APNU, AFC leaders give thumbs up to continuing with Cummingsburg Accord

From left are AFC Chairman Khemraj Ramjattan and APNU Chairman Joseph Harmon

A Partnership for National Unity (APNU) and the Alliance For Change (AFC) have signalled their intention to go into the 2020 general elections once again as a coalition contending  that the Cummingsburg Accord, the basis for the coalition’s existence has worked, and will remain in place unless there are calls for changes to be made.   

“If it ain’t bruk, don’t fix it. It is not broken, it does not need fixing,” said AFC executive member and Minister of Public Infrastructure, David Patterson of the coalition which took a separate path from APNU in the just-concluded local government elections.

Patterson’s sentiments resounded at the joint press conferences held on Friday by APNU and the AFC at Congress Place, Sophia when asked if the parties will be going into the elections jointly and who their presidential candidate will be. The Leader of APNU, President David Granger was undergoing treatment for cancer in Cuba at the time.

Over many months since the May 2015 general elections, members of the AFC have called for changes to the Cummingsburg Accord. After the 2016 local government elections, AFC members had complained that APNU had hogged the majority of the seats on local councils.  The AFC then attempted to secure an accord with APNU for the 2018 local government elections but was rebuffed because of its demands. It had to face the electorate on its own and suffered major defeats which analysts say has weakened its bargaining power.     

Chairman of the People National Congress Reform (PNCR), the main party in the APNU grouping, Volda Lawrence said, “We believe it is time the people unite. We believe that the people of this country have found favour in a coalition government. They have continued to show us their strong support. We will go strong into 2020 and we will be successful.”

From left are Carl Greenidge and PNCR Chairman, Volda Lawrence

In relation to their presidential candidate, Lawrence said, “We don’t hand pick people. We have a process, a process of clear democracy, where persons are given the opportunity to make choices. That will continue to prevail as we chose our presidential candidate, our candidate chosen will be fit and proper.”

AFC Leader, Khemraj Ramjattan said that even though the AFC and APNU had different candidates in the LGE’s so as to give more choices of councilors to citizens in municipalities and local authorities, “We said it is a strong and united coalition government and that is also how it is also going to be for 2020.”

The coalition is frightening the leader of the Opposition Bharrat Jagdeo, Ramjattan said, and it is causing Jagdeo to do all manner of shenanigans. “But rest assured there is going to be another coalition government in 2020.”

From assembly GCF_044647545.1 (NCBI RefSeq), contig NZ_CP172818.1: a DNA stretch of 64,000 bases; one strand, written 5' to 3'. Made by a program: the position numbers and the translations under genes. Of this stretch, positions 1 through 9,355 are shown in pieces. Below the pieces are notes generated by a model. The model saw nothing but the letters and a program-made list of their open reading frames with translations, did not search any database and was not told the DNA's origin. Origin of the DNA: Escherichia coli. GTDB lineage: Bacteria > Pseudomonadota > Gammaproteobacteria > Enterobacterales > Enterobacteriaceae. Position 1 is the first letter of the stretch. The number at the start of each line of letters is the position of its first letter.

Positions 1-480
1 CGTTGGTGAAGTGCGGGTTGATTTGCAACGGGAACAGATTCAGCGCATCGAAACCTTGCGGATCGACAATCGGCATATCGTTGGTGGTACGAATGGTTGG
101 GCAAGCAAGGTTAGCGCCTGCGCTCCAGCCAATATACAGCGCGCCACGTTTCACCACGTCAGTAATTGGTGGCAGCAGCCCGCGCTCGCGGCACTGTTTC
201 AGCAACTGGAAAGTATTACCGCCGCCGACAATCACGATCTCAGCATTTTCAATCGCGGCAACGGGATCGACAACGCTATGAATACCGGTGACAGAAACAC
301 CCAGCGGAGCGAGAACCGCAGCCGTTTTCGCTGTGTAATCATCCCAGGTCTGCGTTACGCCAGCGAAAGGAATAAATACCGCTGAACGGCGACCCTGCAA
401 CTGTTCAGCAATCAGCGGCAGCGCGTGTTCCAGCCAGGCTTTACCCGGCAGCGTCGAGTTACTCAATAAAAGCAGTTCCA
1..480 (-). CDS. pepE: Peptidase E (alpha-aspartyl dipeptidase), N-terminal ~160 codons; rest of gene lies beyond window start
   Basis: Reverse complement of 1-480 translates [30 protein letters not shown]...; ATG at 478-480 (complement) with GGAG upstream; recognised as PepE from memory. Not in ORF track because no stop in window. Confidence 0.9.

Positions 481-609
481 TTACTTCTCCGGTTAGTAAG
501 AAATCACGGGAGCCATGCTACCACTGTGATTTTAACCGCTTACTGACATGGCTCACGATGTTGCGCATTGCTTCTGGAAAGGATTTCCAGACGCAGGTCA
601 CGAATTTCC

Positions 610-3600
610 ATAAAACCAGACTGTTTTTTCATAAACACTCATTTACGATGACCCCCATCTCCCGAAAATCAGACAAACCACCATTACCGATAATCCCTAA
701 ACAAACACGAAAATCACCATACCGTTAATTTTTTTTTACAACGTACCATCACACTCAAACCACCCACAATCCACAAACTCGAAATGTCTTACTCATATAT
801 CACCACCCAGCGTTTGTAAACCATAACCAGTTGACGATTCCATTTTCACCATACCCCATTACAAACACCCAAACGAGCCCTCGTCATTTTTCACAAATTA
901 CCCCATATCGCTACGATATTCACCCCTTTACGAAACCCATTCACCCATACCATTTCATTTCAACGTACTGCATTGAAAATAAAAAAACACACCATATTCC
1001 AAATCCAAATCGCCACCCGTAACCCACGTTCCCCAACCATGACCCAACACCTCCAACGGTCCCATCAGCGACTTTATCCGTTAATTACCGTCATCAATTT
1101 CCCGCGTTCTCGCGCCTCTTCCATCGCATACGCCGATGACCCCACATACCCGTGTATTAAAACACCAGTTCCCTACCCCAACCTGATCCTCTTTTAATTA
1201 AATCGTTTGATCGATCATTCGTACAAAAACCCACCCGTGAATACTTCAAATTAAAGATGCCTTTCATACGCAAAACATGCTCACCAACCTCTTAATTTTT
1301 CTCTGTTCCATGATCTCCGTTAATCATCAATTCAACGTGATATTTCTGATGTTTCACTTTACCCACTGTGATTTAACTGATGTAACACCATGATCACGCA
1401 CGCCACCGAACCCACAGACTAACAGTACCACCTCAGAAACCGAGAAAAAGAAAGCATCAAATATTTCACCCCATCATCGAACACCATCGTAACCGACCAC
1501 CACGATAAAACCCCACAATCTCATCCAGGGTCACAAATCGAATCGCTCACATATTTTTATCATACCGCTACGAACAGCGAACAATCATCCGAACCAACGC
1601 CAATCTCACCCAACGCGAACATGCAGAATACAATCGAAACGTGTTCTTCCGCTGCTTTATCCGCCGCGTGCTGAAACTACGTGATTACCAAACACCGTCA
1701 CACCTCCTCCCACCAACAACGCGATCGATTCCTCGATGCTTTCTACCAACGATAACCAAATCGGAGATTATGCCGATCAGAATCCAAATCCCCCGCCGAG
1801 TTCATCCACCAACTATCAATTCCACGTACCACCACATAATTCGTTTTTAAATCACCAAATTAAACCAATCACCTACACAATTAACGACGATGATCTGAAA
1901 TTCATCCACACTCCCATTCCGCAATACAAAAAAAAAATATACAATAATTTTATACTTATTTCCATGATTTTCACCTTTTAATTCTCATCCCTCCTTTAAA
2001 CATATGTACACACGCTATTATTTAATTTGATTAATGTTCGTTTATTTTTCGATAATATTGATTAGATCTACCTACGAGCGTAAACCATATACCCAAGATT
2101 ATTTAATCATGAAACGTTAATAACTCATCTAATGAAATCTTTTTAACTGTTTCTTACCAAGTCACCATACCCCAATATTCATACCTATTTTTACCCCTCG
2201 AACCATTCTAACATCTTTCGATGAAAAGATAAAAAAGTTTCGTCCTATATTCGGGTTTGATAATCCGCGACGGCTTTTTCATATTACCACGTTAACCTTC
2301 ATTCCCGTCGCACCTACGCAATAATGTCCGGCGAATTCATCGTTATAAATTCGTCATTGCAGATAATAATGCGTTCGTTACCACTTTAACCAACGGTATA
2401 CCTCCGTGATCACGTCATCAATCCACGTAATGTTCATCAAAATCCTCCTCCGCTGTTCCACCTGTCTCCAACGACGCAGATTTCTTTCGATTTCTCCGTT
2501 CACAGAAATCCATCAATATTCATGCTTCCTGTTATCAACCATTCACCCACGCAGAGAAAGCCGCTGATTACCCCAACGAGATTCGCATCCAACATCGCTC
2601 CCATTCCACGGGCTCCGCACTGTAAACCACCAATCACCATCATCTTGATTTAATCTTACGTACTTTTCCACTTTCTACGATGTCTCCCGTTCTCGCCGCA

On the Cummingsburg Accord, First Vice President and Minister of Foreign Affairs, Carl Greenidge said, it was an approach to governance that was crafted with all the parties of the coalition. 

The accord was crafted with a formula “with the longest longevity of any formula that has been crafted for coalitions – there was only one before,” he said, which at this point in time, has worked.

“There is no signal at this point in time from the parties that there is an intention to change, but there is also the capacity once the parties believe that the formula can be improved they can always call for each other to sit and look at it again. It is not something cast in stone.”

He added, “Until such time as the parties agree that they want to change, there is no need to be speculating as to whether or not you change it next year or the year after. The coalition works. It has worked because it has a number of sound pillars. The Cummingsburg Accord is one of them and we should appreciate the value of that accord.”             

At the start of the press conference, Greenidge and Nagamootoo read

statements reaffirming the coalition’s commitment to democracy and local governance and to empowering our citizens according to the constitution of Guyana to freely exercise their right to elect representatives of their choice to local area councils.

They committed to ensuring that the three levels of government – central, regional and local authority areas – through regular general and regional elections and local government elections complement each other, and that they work for the common good rather than against each other.

The major municipalities, Greenidge said, retained the support of the coalition partners and several victories were recorded in several NDCs.

Thanking the Guyana Elections Commission and its staff for its efficient supervision of the elections, he said, it validates GECOM’s capacity to hold free, fair and credible elections in Guyana.

Greenidge and Nagamootoo thanked all candidates who competed and voters for the peaceful manner in which voting took place.

Nagamootoo said it was now time to shed political partisanship, join hands and unite in working together for the development of all communities.  

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